Welcome to UP2YOUTH: Youth - actor of social change

Identity Print
Components of identity include a sense of personal continuity and of uniqueness from other people.

In addition to carving out a personal identity based on the need for uniqueness, people also acquire a social identity based on their membership and acting in various groups-familial, ethnic, occupational, and others. In late modern societies where individualisation has become a “must”, new challenges arise in both perspectives. Young people are faced with the challenge to maintain a sense of coherence over time without the guiding patterns of a standard life course. Young people have to develop a sense of coherence in fragmented contexts that often do not even provide them with a recognised social status. Psychological concepts about new forms of identity formation are similar to what sociologists have noted at the macro-societal level. The identity capital model is a link between the psychologically oriented identity paradigm, and the sociologically oriented individualisation theory. (SM+AP)


Antonovsky, Aaron (1987) Unraveling the mystery of health. San Francisco: Jossey Bass.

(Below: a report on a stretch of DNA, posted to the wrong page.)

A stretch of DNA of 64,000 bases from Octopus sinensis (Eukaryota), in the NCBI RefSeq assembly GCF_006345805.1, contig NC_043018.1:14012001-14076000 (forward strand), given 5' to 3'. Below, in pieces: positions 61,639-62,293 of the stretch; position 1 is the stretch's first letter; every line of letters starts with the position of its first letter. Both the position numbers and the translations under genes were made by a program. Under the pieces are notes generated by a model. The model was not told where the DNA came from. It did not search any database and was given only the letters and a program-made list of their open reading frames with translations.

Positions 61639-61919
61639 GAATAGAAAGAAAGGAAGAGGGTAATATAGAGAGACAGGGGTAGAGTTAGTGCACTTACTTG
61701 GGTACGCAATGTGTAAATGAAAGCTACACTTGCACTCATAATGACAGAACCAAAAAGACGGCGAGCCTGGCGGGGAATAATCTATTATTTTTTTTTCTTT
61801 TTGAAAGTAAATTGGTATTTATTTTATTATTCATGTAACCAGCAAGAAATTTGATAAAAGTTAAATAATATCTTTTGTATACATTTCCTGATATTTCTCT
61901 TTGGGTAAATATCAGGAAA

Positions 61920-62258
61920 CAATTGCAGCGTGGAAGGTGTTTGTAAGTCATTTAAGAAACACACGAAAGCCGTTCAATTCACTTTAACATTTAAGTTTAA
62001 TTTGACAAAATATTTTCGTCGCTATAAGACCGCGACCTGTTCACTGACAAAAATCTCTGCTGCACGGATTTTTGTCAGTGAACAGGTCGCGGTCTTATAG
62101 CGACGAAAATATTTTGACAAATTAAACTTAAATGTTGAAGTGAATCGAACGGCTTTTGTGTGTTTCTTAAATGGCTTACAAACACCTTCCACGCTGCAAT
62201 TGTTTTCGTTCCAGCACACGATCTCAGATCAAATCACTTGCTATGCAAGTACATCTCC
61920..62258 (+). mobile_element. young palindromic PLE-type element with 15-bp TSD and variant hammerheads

Côté, J. And Schwartz SJ. (2002) Comparing psychological and sociological approaches to identity: identity status, identity capital, and the individualization process, Journal of Adolescence, 25(6):571-86.

Keupp, Heiner et al. (1999) Identitätskonstruktionen. Das Patchwork der Identitäten in der Spätmoderne (Identity constructions. The patchwork of identities in late modernity). Reinbek : Rowohlt.

Mørch, Sven & Stalder, Barbara (2003) Competence and employability. In: López Blasco, A., Walther, A. & McNeish, W.: Young people and contradictions of inclusion. Bristol: Policy Press, pp. 205-222.


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Last Updated ( Monday, 22 May 2006 )

Project supported by funding under the European Union's Sixth Research Framework Programme - Coordinated by IRIS e.V.

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